One of the biggest security holes you could open on your server is to allow directly logging in as root through ssh, because any cracker can attempt to brute force your root password and potentially get access to your system if they can figure out your password.

It’s much better to have a separate account that you regularly use and simply sudo to root when necessary. Before we begin, you should make sure that you have a regular user account and that you can su or sudo to root from it.

To fix this problem, we’ll need to edit the sshd_config file, which is the main configuration file for the sshd service. The location will sometimes be different, but it’s usually in /etc/ssh/. Open the file up while logged on as root.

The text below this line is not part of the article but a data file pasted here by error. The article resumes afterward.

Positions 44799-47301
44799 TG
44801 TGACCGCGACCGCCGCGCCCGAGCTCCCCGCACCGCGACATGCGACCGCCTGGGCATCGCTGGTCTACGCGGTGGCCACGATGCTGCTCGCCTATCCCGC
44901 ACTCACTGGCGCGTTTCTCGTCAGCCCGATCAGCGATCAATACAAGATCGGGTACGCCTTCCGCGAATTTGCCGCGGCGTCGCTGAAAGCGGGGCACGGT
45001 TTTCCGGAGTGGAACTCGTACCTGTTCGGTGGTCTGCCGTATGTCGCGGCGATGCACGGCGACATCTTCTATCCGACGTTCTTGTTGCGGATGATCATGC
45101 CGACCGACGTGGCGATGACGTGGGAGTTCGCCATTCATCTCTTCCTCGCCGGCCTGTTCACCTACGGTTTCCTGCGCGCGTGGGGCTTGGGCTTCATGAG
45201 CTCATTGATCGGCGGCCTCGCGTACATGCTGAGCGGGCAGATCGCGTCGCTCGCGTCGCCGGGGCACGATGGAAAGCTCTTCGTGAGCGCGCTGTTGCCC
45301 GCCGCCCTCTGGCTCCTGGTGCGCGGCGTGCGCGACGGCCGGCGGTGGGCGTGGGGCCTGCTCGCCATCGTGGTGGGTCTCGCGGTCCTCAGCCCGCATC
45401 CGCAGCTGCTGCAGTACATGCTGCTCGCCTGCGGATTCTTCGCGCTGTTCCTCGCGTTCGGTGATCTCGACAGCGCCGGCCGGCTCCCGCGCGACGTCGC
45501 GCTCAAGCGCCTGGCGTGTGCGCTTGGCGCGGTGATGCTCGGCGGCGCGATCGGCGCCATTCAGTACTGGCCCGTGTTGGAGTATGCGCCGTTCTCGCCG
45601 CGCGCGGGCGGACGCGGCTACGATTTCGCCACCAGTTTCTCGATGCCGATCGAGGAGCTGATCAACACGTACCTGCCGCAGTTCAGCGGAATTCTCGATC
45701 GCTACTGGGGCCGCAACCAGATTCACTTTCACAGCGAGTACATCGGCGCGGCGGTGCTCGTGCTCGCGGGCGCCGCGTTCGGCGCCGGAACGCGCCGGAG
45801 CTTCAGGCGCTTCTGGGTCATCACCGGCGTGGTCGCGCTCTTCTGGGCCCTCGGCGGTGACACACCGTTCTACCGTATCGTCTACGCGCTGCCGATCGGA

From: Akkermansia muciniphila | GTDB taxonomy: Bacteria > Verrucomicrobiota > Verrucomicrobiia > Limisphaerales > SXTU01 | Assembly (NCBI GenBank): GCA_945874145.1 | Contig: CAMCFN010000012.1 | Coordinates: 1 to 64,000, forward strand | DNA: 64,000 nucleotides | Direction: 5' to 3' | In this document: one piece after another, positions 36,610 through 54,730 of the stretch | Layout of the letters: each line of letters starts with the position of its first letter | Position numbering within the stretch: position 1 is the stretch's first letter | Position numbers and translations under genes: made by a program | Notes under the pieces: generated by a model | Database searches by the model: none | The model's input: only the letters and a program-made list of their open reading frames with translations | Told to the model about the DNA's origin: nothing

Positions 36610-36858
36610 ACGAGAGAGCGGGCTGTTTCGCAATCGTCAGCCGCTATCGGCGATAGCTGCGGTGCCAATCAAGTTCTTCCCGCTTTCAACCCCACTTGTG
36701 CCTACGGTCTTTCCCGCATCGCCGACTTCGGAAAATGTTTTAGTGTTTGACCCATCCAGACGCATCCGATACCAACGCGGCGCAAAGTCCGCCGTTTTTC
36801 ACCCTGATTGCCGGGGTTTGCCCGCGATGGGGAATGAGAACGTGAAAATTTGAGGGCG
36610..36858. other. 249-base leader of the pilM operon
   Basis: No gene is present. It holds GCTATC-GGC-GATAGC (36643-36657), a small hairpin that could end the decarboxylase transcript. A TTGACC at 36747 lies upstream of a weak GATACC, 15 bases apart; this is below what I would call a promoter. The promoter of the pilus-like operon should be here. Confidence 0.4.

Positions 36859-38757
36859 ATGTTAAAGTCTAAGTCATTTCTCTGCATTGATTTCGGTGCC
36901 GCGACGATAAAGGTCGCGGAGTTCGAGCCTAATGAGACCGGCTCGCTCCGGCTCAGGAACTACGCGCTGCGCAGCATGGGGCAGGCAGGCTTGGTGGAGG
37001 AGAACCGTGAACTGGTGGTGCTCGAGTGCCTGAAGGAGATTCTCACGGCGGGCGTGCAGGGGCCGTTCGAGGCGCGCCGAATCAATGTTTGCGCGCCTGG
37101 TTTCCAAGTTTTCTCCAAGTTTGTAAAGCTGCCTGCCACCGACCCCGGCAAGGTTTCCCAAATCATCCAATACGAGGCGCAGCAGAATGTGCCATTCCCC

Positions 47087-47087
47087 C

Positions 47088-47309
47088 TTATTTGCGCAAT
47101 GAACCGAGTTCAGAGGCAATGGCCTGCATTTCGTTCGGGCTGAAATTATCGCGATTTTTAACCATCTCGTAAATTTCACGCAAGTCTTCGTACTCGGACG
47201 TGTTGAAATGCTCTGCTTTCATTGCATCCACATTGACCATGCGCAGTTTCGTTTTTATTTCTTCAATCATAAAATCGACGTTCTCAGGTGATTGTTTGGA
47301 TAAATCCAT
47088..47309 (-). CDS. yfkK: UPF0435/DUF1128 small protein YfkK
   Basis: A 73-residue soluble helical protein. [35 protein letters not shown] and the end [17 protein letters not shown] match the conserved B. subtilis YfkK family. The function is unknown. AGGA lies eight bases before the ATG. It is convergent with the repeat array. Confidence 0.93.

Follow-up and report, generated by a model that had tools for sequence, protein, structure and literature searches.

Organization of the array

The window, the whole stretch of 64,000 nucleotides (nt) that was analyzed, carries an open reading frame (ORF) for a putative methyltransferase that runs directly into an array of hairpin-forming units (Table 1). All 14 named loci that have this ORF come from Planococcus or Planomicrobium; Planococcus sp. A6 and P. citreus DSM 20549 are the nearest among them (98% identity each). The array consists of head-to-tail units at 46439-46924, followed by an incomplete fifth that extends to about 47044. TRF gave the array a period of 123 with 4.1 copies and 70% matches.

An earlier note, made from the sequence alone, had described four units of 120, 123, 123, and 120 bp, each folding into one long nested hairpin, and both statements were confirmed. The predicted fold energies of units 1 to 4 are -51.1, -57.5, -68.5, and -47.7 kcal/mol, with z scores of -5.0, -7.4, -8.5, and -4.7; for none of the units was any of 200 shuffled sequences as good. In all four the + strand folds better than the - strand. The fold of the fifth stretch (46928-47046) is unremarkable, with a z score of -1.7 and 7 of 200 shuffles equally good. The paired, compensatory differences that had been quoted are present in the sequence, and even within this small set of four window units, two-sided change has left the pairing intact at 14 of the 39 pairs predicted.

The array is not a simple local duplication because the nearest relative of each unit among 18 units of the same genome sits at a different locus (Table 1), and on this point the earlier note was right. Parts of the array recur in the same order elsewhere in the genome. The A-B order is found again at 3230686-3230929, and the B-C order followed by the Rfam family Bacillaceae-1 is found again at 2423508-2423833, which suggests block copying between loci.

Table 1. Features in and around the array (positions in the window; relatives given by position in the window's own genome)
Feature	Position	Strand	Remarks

vi /etc/ssh/sshd_config

Find this section in the file, containing the line with “PermitRootLogin” in it.

#LoginGraceTime 2m
#PermitRootLogin no
#StrictModes yes
#MaxAuthTries 6

Make the line look like this to disable logging in through ssh as root.

PermitRootLogin no

Now you’ll need to restart the sshd service:

/etc/init.d/sshd restart

Now nobody can brute force your root login, at least.

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